Following up on my earlier post on the Roosevelt family, I noted that Presidents Theodore and Franklin Roosevelt’s kinship by marriage was the closer way they connected, as their closest kinship by blood was that of fifth cousins. (Their last common Roosevelt ancestors in New York City were in the early eighteenth century.) Continue reading The closest presidential kinships→
There was no mention of Emily. No mention of her in any yellowed letters or penciled-in pedigrees, or in any “clippings” of scandal or gossip. Indeed, the only snippet of her was as a young girl “with ague” found among census records. There she was, “Emily A. Ginder” in 1870, and 1880 again, living in the household of my great-great-grandparents Jacob and Martha (Lacy) Ginder. Yet there wasn’t the slightest clue as to who Emily was, or what had become of her. There seemed to be no further trace of Emily Ginder. Surely she’d married early on or, as we genealogical types like to say when we don’t have the answer, she simply ‘died young.’ Continue reading The ‘last’ aunt→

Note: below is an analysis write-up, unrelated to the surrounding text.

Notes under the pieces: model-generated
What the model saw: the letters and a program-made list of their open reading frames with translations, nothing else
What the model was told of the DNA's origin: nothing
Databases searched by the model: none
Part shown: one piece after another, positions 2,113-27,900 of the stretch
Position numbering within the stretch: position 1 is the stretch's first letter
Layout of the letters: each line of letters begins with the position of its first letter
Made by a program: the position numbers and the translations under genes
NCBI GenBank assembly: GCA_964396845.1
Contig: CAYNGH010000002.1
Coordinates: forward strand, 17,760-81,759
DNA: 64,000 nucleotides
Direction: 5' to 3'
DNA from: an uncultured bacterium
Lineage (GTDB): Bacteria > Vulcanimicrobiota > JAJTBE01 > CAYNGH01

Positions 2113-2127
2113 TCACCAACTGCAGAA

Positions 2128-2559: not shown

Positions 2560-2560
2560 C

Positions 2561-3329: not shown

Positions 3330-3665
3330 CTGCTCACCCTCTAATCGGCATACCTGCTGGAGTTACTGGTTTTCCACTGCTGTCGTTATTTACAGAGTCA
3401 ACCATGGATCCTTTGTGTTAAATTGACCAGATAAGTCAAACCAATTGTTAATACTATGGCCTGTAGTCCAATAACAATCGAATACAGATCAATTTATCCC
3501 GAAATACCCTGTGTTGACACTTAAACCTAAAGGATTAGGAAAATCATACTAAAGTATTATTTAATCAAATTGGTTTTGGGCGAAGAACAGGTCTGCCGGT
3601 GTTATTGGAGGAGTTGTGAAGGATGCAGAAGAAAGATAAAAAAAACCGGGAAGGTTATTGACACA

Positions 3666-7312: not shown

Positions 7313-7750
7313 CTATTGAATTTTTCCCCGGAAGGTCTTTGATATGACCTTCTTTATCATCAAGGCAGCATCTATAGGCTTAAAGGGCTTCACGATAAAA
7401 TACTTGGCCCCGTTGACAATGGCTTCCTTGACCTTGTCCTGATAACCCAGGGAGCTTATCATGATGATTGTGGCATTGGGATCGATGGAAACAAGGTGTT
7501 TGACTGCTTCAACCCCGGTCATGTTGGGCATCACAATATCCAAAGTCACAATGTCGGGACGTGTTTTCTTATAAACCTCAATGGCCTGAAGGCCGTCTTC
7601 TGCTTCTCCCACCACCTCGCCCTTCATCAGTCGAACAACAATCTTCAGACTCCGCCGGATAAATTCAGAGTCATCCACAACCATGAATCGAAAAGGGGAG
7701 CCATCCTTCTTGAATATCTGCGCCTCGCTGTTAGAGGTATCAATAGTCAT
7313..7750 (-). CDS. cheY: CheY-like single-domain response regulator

Working on the Early New England Families sketch for George Parkhurst of Watertown, I find myself deep in the middle of three marriages, a total of fourteen children, financial destitution, and return to England. If you are a descendant of George Parkhurst, you may not know that he returned to England, because all his surviving children who left descendants were from his first marriage. By his second marriage, which produced five more children, he has no descendants known to us.Continue reading Never a dull moment→